A "simple" painting project which turned into reconstructing

It was time to repaint the house again, after a number of years. And as I got to the bulkhead basement access, I noted that a number of shingles were crumbling and rotting. So I now had a reshingling project on my hands. After a quick trip to a local home building center, I decided that level of home repair project was something I was capable of doing myself.
Little did I know...
I did decide that I ought to document the process (partly to ensure that I could put it back together correctly)
Before starting to remove anything
Note discoloration (accumulated crud) in the door joint on the left
Removing the old shingles and pulling all of the nails out
And taking off the flashing from the peak. At this point, it looks like there is some rot on the left side
Uh, oh. A HUGE carpenter ant. Reflexivly squished with a hammer. Almost 3/4" in length.
The peak there was thoroughly rotted, which is where the ant was living.
Well, at least one mistake when it was being built. The tar paper was laid down vertically, which means that moisture could get in and stay in.
After getting all of the shingles off of the right half
All shingles off; Now to start taking off the tar paper
And see how pervasive the rot actually is
It's bad. And affects some of the structural supports. This needs to be protected by a tarp to keep the rain out of the basement.
The foot of the roof is in really bad shape.
And at the peak. This level of repair/rebuild is waay beyond my skills. Time for a pro.
At about the one hour mark: the entire roof is pulled off. In amongst the junk, there was a moldy dessicated frog. It's the white blotch on the rectangular bit of junk at almost the center of the photo.
About 2 hours into the effort
About 3 hours into it, the framing is done.
And the new plywood is in place
Newly framed, using pressure treated wood for the contact point with the cinderblocks.
Inside, at the top of the roof, just below the flashing
Protective paper on, starting to shingle
At the end of day 1
Ok, this needs some explaining. In order to combat the problem of standing water inside the well, I got out the hammer-drill, and had put a few holes through the floor at low spots to help with drainage. The slab was about 4-6 inches thick. Except for the very last one.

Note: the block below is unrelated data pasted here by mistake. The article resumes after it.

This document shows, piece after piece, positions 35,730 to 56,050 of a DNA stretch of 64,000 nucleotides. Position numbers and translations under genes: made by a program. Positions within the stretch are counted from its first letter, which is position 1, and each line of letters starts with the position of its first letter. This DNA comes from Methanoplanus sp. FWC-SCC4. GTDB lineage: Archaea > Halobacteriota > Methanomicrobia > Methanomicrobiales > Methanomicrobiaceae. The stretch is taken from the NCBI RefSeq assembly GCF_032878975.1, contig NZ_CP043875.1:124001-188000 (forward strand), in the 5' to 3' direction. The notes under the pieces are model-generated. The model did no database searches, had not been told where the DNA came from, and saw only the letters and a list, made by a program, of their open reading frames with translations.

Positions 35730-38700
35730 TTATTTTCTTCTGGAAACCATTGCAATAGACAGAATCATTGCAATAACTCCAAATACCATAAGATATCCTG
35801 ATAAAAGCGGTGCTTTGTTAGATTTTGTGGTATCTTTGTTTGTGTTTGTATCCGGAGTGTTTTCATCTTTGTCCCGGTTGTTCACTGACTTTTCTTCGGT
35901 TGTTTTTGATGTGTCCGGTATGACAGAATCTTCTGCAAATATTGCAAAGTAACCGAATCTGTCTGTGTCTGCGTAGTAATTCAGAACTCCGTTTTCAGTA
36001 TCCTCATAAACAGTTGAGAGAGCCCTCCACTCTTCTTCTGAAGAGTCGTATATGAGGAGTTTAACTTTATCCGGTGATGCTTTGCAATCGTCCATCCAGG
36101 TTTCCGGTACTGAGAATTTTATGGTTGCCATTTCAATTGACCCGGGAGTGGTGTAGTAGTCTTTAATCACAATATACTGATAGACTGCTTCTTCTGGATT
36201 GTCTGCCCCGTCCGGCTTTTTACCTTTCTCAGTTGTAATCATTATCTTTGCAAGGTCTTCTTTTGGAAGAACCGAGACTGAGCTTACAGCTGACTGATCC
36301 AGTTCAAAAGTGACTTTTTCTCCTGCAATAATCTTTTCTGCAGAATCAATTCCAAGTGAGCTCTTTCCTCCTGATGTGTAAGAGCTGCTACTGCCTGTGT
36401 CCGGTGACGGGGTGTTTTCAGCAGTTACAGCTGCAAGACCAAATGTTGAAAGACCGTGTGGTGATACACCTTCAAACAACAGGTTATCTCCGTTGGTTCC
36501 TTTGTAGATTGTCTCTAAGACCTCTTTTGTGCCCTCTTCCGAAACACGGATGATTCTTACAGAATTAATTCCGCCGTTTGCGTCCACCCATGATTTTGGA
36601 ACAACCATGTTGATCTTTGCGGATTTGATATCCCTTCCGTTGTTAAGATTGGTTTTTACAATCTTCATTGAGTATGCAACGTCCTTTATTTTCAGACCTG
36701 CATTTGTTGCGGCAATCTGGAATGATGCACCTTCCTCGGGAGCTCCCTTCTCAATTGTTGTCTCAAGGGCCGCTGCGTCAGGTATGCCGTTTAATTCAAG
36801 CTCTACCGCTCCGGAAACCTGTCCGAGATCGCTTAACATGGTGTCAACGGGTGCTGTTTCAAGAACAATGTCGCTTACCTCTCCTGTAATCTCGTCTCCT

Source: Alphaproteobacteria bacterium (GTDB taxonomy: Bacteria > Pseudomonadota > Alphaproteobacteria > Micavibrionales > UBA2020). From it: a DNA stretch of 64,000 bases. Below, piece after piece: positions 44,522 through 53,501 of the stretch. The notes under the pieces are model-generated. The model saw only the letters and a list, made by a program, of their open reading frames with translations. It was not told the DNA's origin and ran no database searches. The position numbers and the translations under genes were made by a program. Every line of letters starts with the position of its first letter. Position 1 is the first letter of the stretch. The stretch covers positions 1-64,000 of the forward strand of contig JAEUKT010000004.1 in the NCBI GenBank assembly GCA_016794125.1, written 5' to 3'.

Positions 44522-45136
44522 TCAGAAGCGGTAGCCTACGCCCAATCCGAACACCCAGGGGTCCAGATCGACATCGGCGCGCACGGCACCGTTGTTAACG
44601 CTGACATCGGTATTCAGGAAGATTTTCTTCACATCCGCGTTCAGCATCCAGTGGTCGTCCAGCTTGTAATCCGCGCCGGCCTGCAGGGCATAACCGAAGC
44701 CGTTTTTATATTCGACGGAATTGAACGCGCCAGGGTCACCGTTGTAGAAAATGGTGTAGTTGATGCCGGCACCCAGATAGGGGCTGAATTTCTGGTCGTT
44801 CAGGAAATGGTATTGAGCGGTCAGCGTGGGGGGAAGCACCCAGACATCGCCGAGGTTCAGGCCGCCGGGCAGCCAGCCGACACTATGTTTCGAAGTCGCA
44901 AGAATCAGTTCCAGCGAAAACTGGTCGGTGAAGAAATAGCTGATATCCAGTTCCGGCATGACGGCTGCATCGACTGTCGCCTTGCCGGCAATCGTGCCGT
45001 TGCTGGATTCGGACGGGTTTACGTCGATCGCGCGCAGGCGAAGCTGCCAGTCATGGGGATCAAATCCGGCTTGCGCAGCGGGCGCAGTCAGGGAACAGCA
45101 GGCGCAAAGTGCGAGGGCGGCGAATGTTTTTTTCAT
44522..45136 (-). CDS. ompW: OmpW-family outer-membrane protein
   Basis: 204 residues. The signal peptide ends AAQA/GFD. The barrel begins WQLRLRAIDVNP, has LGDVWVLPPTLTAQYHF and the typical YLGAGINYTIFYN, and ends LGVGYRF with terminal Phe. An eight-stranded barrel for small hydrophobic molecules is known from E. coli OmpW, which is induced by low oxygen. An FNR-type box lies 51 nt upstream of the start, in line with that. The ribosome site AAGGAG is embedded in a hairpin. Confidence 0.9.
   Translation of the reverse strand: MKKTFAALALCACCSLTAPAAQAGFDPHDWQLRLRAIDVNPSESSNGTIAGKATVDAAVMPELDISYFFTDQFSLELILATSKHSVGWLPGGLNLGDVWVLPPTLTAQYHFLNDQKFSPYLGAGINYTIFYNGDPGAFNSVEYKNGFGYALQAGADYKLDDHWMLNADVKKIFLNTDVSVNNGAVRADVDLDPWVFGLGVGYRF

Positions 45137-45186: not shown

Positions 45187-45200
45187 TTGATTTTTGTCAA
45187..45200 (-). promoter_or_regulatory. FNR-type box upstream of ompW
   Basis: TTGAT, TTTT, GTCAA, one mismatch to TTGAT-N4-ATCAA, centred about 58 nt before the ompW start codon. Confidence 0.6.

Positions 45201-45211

It was only about an inch thick, hollow underneath, and the drill bit caught on a plastic bag, and was tough to pull out. Bizarre Why would there be a hollow with a plastic bag under it? After a couple of hours of thought, I could still not come up with a "normal" reason for someone to remove about 1'x2' of slab, put something in a plastic bag in that spot, and then redo the concrete. This, plus the context of having seen far too many tv shows about forensics, I decided that I really needed to call the local police department to ask for advice. They graciously sent an officer over. He pointed out that it was up to me, but that if I didn't open it up, it would bother me perpetually.
And the cause of all this? Plain old trash. The officer asked whether or not the previous owner was an older Italian man. He indicated that burying garbage seems to have been a common practice. Surprising question, but that was actually the case. Personally, I still don't understand the motivation to expend all that effort to bury a single trashbag of garbage vs. simply taking it to the curb for municipal pickup (or taking it to the town transfer station). Anyhow, the nice rectangular hole is now filled with gravel, and will provide good drainage.
Day 2, photos at about 1 hour intervals
New shingles almost completely in place
Now to frame the door
Note the angled piece of flashing to divert the rain
Everything done, now for cleanup
cleaned up (except for the old content)
And its finally repainted
Another view

Rebuilding done by Frechette Carpentry, of Natick Ma.

I absolutely recommend them. Very affordable price, and the quote included all materials.
Excellent craftsmanship. I will be a repeat customer. Contact information:
Matt Frechette
Phone: 508-320-0636